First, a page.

Western Sydney Regional Organisation of Councils (WSROC) President Tony Hadchiti also criticised the campaign as “ridiculous”.
“Suggestions that moving the Powerhouse to Parramatta would weaken its undisputed skills and potentially damage exhibitions is, quite frankly, insulting to both the museum’s staff and the arts and cultural professionals of western Sydney,” he is quoted as saying..
“If the Powerhouse were to open further satellite sites, we should be looking at places further afield such as Blacktown, Liverpool, Penrith or the Blue Mountains, all of which have well established arts cultures.”
Infrastructure Australia releases 15-year plan…
Infrastructure Australia (IA) has released a 15-year infrastructure plan.
According to the organisation the first Australian Infrastructure Plan “provides a positive reform and investment roadmap for Australia”. It outlines the infrastructure challenges and opportunities Australia faces over the next 15 years and the “solutions required to drive productivity growth, maintain and enhance our standard of living, and ensures our cities remain world class.”
Releasing the plan the organisation’s Chair Mark Birrell said Australia can get the infrastructure it needs and improve living standards and productivity, “if it acts now to introduce nation-shaping reforms”.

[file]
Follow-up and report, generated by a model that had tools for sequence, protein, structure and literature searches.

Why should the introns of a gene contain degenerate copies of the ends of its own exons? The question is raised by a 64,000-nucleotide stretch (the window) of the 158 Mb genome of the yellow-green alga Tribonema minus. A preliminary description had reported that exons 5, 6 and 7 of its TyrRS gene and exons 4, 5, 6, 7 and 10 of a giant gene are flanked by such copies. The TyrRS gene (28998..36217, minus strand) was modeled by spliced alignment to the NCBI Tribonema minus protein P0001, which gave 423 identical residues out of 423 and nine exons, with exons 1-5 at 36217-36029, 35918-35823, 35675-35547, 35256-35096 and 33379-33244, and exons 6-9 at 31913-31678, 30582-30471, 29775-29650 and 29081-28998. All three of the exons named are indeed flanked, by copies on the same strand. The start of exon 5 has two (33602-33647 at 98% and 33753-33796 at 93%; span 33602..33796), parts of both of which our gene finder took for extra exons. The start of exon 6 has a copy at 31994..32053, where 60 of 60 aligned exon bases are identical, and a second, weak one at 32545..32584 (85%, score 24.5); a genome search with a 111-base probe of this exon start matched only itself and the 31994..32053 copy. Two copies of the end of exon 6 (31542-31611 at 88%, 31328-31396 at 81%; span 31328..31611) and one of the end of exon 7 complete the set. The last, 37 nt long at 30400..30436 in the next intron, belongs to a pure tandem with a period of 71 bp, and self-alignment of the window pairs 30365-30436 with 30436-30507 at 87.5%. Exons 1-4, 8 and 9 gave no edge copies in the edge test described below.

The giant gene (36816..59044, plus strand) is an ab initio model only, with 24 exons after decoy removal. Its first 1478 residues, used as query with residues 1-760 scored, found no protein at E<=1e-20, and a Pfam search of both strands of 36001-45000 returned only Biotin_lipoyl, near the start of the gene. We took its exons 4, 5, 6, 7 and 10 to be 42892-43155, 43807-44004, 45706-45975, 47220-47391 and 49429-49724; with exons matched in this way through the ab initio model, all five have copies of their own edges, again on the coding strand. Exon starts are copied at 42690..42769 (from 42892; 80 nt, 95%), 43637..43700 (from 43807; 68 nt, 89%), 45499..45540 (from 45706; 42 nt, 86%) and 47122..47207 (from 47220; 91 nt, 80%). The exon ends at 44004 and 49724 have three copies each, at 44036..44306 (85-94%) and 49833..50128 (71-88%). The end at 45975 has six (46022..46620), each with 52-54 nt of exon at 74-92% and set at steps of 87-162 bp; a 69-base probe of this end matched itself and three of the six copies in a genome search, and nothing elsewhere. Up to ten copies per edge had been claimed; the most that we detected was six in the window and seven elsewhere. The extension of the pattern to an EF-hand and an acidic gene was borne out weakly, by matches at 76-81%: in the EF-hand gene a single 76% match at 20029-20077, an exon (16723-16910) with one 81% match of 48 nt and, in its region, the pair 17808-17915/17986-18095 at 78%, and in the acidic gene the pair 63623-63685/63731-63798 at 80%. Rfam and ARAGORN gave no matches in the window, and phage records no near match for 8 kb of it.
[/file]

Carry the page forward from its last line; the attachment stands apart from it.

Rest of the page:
The Plan recommends reforming the funding and operation of transport infrastructure, completing the national electricity market, improving the quality and competitiveness of the water sector and delivering a telecommunications market that responds to user demand. IA claims that as a result the average Australian household would be “almost $3000 better off each year by 2040.”
“Our Plan sets out 78 recommendations for reform and provides a vision and roadmap to address today’s infrastructure gaps, and set us up to meet the challenges of tomorrow,” Mr Birrell said
Alongside the Plan is IA’s “reinvigorated” Infrastructure Priority List which identifies 93 projects and initiatives with a heavy emphasis on transport infrastructure, including new metro rail systems in Sydney, Melbourne and Brisbane, road and rail initiatives for Perth and public transport improvements in Adelaide and Canberra.
In addition a number of proposals are described as “initiatives for the future” including protection for proposed High Speed Rail corridors and new ring roads around Melbourne and Sydney.
In a media release in response Shadow Minister for Infrastructure and Transport Anthony Albanese said Labor welcomed the updated infrastructure priority list.